Kim Glas: While imports still dominate U.S. consumption of textiles and apparel, we can expect to see a new trend going forward.  Currently, the textiles and apparel industry in the country is experiencing a different manufacturing paradigm than 10 years ago.  In 2012, textiles and apparel exports were $22.7 billion, up 37% from just 3 years earlier. This is indicative of a reassessment by American companies about manufacturing in the United States. Cost, time benefits, and international economic challenges have closed the international manufacturing gap making it more attractive to source at home. More and more U.S. companies are considering and many have moved production or part of their production back to the U.S.  This return of manufacturing to the U.S. is expected to continue into the future. This means consumers can expect to find more quality and more affordable Made in USA textiles and apparel in the market in the years to come.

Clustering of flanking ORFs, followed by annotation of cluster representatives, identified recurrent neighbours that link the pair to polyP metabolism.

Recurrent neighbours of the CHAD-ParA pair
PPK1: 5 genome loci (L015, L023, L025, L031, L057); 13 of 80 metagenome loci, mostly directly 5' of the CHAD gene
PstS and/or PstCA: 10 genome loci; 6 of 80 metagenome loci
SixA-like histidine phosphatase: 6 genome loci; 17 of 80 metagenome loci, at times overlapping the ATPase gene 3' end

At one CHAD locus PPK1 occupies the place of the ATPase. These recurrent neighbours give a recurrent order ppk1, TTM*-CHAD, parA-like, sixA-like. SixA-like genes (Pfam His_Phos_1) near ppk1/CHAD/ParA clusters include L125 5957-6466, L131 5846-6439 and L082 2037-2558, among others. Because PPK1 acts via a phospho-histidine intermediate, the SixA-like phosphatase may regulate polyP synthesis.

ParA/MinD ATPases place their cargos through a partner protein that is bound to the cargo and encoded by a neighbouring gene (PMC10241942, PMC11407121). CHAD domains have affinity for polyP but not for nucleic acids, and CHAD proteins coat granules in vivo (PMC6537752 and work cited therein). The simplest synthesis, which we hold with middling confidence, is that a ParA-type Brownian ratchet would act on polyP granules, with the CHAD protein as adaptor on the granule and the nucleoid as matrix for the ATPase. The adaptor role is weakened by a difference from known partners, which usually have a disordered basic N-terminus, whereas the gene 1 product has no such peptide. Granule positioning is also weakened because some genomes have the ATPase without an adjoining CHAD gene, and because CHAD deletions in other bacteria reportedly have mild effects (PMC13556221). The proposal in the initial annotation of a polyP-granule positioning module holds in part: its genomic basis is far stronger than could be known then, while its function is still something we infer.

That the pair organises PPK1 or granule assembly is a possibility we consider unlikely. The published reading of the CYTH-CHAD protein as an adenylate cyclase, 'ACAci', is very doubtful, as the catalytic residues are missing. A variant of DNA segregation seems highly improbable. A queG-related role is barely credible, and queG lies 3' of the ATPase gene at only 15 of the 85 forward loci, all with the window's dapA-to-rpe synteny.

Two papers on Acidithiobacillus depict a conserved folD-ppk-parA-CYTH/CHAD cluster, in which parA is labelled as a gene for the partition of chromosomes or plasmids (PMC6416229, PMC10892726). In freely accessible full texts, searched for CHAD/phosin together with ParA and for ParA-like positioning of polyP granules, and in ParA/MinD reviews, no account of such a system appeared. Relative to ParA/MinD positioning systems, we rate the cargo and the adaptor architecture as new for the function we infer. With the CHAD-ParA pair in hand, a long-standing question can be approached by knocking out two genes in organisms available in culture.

The United States has a strong and diverse textile industry, manufacturing a range of high quality products including fibers, yarn, fabric, and apparel.  It is the fourth largest single country exporter of yarns and fabrics, with $13.6 billion in exports in 2012.  The United States is also home to one of the largest providers of spun yarn in the world, Parkdale, Inc., with 29 manufacturing plants in the United States, Central America, Mexico, and South America.

Sheng Lu: From your view, what role does the OTEXA play in enhancing the competitiveness of the US textile and apparel industry in the 21st century global competition?

Kim Glas: OTEXA administers and enforces agreements and preference programs concerning the textile, apparel, footwear and travel goods industries and works to ensure fair trade and a level playing field for these industries to enhance their competitiveness in international markets.  The office has an active Export Promotion Program that assists small- and medium-sized U.S. textile and apparel firms to develop and expand their export markets helping job retention and creation in this and related sectors.